Most of the interest for the Contax cameras seems to be concentrated in Japan – I could not find any in the US and finally bought my ST on eBay from a Japanese reseller (buying from Japan is generally a very pleasant experience – the cameras are in top condition and you get yours in less than a week through the Postal Service). It’s easier to buy a T90 from a domestic reseller, even if there are only a handful on sale at any given time. And because of the potential reliability issues, I would only buy a T90 from a seller with a very good reputation, who has really tested the camera, preferably with film.
Battery: Contrarily to many autofocus SLRs of the same vintage, the T90 and the ST don’t require expensive and difficult to find single use Lithium batteries. They simply need a few AAA or AA batteries.
Lens selection: The T90 was designed for Canon’s FD lines of lenses, but also works very well (in particular in semi-auto exposure mode) with older FL glass. Canon also sold for a while an adapter for 42mm screw mount lenses. If you add the lenses sold by third parties, the offer is limitless.
There are two issues with Canon FD lenses: the interesting ones (the luminous wide angle lenses in particular) were purchased en masse by users of Sony’s A7 series mirrorless cameras (who use them with an FD to Sony E adapter), which raised the price level on the second hand market. And since production ceased more or less with the launch of the EOS series in 1987, there are relatively few good zooms in the catalog (and in any case none of those f/2.8 constant aperture zooms preferred by the pro photographers).
Contax lenses have a great reputation – and Contax used to cover any need from the 15mm ultra-wide angle to the 600mm telephoto lens, with specialty items such as the 35mm shift lens or the medical lens also represented.
Outside of the 28, 35 or 50mm glass which sell for reasonable prices ($150.00 to $200.00), Contax branded lenses are much more expensive than Canon’s. But since Contax kept on releasing new Carl Zeiss manual focus lenses until 1998 (the last one was a compact zoom for the Aria), the lens designs are a bit more modern than with Canon, which could be good if you’re looking for a zoom.
How much? Not much. Probably because of its reliability issues, the Canon T90 is not in high demand and can be found for less than $100.00; the Contax ST is also relatively cheap (approx $150 if you buy it from a Japanese reseller). In the Contax family, the S2, the RX II and the Aria are more sought after, and sell for two to four times the price of the ST.
The Contax ST and the T90 have a lot in common on paper, but are very different cameras in day to day use:
ergonomics – Contax has a conventional user interface, the T90 is modal. Both are extremely pleasant to use and a photographer will enjoy working with each of them – it’s really a matter of taste.
exposure determination – in this specific area, the Contax is more limited, but easier to use, while the Canon is much more complex and sometimes gimmicky. Honestly, none of them is a perfect fit for me: ideally, I would simply like to use the central weighted average metering with an auto-exposure lock – an option none of them offers. A matrix metering option would also have even valuable – but no manual focus Canon camera ever offered it, and Contax fans had to wait for the last manual focus SLR of the brand, the Aria, to benefit from it.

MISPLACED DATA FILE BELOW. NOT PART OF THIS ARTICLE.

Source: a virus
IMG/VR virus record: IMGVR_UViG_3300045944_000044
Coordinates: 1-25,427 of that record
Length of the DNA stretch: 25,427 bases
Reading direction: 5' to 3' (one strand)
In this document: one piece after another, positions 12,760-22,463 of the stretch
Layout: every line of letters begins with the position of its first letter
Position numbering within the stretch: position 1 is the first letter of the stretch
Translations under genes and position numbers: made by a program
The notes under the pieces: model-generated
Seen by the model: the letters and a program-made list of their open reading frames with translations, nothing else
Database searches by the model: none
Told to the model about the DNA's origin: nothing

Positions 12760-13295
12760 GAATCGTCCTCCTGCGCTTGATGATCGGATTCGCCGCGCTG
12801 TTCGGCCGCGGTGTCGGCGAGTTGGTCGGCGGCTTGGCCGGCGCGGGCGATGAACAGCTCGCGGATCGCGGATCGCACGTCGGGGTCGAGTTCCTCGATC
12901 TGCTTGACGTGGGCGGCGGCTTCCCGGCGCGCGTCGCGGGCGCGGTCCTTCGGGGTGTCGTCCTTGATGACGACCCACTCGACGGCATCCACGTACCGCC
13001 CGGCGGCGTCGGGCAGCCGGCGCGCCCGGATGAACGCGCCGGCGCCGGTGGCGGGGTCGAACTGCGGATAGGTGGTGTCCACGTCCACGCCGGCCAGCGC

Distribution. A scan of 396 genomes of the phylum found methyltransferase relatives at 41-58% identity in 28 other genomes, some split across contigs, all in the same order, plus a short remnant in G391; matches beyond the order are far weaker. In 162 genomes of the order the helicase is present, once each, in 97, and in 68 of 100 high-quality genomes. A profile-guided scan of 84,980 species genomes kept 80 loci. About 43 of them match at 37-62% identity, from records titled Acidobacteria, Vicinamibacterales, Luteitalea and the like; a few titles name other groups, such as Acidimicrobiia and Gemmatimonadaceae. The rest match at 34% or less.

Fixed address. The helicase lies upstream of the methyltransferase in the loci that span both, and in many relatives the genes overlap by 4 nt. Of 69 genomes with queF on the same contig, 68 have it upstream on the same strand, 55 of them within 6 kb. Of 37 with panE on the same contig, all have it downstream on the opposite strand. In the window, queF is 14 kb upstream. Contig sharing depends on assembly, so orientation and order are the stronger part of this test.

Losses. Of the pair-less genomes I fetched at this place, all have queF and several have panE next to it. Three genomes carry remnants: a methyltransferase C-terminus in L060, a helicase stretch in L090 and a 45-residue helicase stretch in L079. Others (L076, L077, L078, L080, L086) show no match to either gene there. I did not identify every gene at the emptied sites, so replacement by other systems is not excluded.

Is one of those two the ultimate manual focus 35mm SLR?
Besides the ST and the T90, there are few cameras that can legitimately compete for the distinction: a few Leica R models, the Olympus OM-4ti, a few other Contax cameras, maybe.
The Contax ST is a high quality, carefully designed and nicely built manual focus SLR for photographers who prefer their cameras full featured, but also easy to use and unobtrusive. A very nice tool. But it lacks this ounce of folly and excessiveness that graces the T90.
The Canon T90 is far from perfect – even if its limitations in the exposure department are inherited to a large extend from the FD lens mount’s shortcomings – and it has its own reliability issues. But it was a revolutionary camera in its time: there’s no manual focus SLR like it, and there’s still something magic in the simplicity of its user interface.
Just before the lock-down was implemented in Georgia, I shot a roll of film with my newly acquired Contax ST, and it took a long time for the film to get processed and the scans to be made available on line (blame the postal service).
So, here we are…
The camera is pleasant to use in the field (large viewfinder, logical commands, convenient exposure memo lock (associated with Spot metering only). It’s heavy, and the Zeiss 28-85 f/3.3-4 Vario Sonnar zoom makes for a very bulky and ponderous combo (more than 1.6 kg/ 3.5 pounds with batteries and strap). You can’t carry it with the strap wrapped around the wrist for too long – you need a backpack for any photo expedition longer than 30 min.
The zoom is sharp, but it’s a one ring design (you rotate the ring to focus, and you pull or push it to zoom in and out), and of course, the front element tends to slide out under its own weight.
Some of the pictures are correctly exposed, but the majority seem over-exposed, by 0.75 EV up to 1.5 EV.
I had not noticed it when I received the camera, but the aperture information displayed in the viewfinder does not correspond to the values on the aperture ring of the lens: at full aperture, the aperture ring shows f/3.3, but the viewfinder LEDs show f/2.8; at F/8 (on the lens), the LEDs show f/4.5; at f/22, the LEDs show f/13. Roughly 1.5 EV off except at full aperture, where the two values are closer. I tried another lens (a Tamron 28mm f/2.5 with the Adaptall II ring) – same issue. When I googled it, I found out that it’s (probably) a rather common problem related to the calibration of the “aperture linkage lever” of the bayonet mount, on the camera’s side (*).
The Contax workshop manuals describe in detail the process to follow to re-calibrate the aperture linkage lever (some people call it the “feeler”) on the body’s lens mount. Unfortunately, the process is different with each model (you need to perform an obscure sequence of key presses to access the maintenance mode of the camera), I have not found a Contax ST workshop manual yet, and it apparently requires a rather expensive Contax Planar 50mm f/1.4 as a benchmark for the calibration.
Until I find a way to fix the issue, I’m simply going to use the exposure correction dial and hope of the best.
(*) I exchanged a few emails with Peter Robinson, who repairs and reconditions a few specific Contax models in the UK, and maintains the Contax139 blog (very nice guy, btw).
According to him, the aperture transmission from the lens to the body is “analog” on models like the RTS III or the RX, but encoded (I translate it by “digital”) on the 167. I suspect the ST, being a derivative of the RTS III, and the predecessor of the RX, also falls into the “analog” category. Peter posted a few workshop manuals on his Website, and the recalibration process is described in detail for each model of camera, unfortunately there are variations in the key presses from model to model, and without the workshop manual corresponding to the exact model you own, fixing the aperture transmission lever is an impossible task.